On Wednesday, in an 18-page decision, Judge Otis D. Wright III ruled in a Federal District Court at Los Angeles, that the heirs of Superman co-creator Joseph Shuster have no rights to seize control of half of the Superman franchise. Represented by Mark Toberoff, the heirs of Shuster had been trying to regain rights to the Superman character from the hands of its current owner, Warner Bros.
Similar lawsuits have become common after the Congress amended the copyright law in 1999 allowing heirs to reclaim previous copyrights if they met certain conditions. Accordingly, in 2008, a judge had ruled that an interest in the Superman franchise should revert to the heirs of the other co-creator of Superman, Jerome Siegel.
However, Judge Wright held that the cause of the heirs of Shuster were different from that of the heirs of Seigel. He found that in 1992, shortly after the death of Shuster, Jean Peavy, Shuster’s sister surrendered the rights to the character to Warner in exchange of settling Shuster’s debts and a lifelong payment of $25,000 a year.
Wright wrote, “By taking advantage of this opportunity, she exhausted the single opportunity provided by statute to the Shuster heirs to revisit” the issue of copyrights of the character ever again.
Now, that’s a bit wondrous, since common law and principles of jurisprudence do include something called ‘inadequate compensation’ where even a property sale can be challenged well after its completion and transfer of possession having been completed. For 50 percent rights to the Superman character, paying off some debts and a meager sum of $25,000 a year does appear inequitable.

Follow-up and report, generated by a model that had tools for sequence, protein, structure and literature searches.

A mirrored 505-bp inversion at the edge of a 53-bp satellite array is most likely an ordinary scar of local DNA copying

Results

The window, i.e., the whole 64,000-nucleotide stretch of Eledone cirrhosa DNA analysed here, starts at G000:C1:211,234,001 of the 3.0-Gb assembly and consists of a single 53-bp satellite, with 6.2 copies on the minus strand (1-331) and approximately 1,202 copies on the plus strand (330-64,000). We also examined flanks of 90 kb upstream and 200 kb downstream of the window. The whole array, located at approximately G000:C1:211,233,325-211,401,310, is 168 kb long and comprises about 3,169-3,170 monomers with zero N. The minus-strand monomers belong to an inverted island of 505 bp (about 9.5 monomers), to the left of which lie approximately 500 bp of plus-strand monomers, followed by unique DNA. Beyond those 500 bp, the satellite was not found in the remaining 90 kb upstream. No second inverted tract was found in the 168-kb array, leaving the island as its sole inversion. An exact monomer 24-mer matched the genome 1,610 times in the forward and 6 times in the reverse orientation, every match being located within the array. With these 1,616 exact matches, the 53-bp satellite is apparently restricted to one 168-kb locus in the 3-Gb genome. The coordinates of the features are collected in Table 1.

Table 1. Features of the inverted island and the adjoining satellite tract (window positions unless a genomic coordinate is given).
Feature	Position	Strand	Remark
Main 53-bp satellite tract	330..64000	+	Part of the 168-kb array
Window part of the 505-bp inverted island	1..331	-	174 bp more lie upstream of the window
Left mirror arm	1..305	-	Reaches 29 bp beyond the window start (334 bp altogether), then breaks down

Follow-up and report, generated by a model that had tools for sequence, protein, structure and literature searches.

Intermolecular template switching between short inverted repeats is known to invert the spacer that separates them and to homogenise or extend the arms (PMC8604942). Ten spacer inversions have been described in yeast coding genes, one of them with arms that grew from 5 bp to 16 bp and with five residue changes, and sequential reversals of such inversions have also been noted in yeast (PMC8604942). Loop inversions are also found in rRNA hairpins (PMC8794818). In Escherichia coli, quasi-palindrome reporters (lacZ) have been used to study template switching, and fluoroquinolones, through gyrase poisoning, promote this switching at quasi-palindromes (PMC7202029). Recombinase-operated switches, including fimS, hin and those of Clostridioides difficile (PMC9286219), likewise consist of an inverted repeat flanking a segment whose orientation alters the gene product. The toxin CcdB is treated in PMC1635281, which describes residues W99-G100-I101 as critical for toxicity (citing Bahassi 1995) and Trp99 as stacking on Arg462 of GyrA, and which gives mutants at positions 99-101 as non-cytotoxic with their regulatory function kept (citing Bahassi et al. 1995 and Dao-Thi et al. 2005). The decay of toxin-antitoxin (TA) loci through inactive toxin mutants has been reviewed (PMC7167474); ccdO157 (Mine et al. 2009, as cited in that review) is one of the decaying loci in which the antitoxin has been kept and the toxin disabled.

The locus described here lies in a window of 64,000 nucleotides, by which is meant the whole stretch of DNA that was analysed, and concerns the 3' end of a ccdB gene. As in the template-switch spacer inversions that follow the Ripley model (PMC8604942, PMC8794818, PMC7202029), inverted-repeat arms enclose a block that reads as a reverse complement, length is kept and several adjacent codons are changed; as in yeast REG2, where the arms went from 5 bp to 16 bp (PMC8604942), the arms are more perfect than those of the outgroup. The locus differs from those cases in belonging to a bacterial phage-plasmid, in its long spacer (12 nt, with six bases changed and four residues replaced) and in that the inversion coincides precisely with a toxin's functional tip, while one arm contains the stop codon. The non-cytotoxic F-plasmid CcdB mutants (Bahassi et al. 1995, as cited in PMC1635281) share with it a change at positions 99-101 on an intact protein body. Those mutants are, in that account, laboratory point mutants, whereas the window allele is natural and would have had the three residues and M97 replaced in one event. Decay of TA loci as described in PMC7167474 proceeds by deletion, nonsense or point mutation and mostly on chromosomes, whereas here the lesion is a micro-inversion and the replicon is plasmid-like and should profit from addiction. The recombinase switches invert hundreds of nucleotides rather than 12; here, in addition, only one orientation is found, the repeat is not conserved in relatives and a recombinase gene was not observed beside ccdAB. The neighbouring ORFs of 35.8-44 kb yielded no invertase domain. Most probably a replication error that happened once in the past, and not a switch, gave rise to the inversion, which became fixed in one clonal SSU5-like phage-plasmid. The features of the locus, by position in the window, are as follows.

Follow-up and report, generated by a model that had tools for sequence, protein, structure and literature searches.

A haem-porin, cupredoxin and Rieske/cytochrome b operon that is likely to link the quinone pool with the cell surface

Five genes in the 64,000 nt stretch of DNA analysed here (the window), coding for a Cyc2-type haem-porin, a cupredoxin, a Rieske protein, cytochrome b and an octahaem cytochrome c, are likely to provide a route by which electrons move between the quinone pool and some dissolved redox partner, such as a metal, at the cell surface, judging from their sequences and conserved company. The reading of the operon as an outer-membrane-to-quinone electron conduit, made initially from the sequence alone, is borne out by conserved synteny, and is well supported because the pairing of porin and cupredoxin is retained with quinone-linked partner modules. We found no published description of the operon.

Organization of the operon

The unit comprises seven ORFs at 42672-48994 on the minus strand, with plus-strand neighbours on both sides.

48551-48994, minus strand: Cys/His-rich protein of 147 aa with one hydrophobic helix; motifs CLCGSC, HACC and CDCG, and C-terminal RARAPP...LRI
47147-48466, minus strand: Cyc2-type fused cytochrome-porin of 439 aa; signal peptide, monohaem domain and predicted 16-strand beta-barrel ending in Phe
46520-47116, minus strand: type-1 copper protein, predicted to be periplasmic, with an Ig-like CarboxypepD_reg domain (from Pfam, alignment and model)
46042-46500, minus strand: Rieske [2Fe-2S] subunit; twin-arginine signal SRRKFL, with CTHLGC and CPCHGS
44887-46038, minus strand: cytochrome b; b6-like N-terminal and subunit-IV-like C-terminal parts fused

So, the war’s not over yet. The executor of Shuster’s estate should have a right to appeal the judgment or bring a fresh case of ‘inadequate compensation’ in case that point has not been litigated.
The lawyer for the Shusters, Marc Toberoff said about the judgment in a statement, “We respectfully disagree with its factual and legal conclusions, and it is surprising given that the judge appeared to emphatically agree with our position at the summary judgment hearing.”
On the other hand, Warner is appealing the 2008 ruling that granted the rights to one-half of Superman to the heirs of Seigel.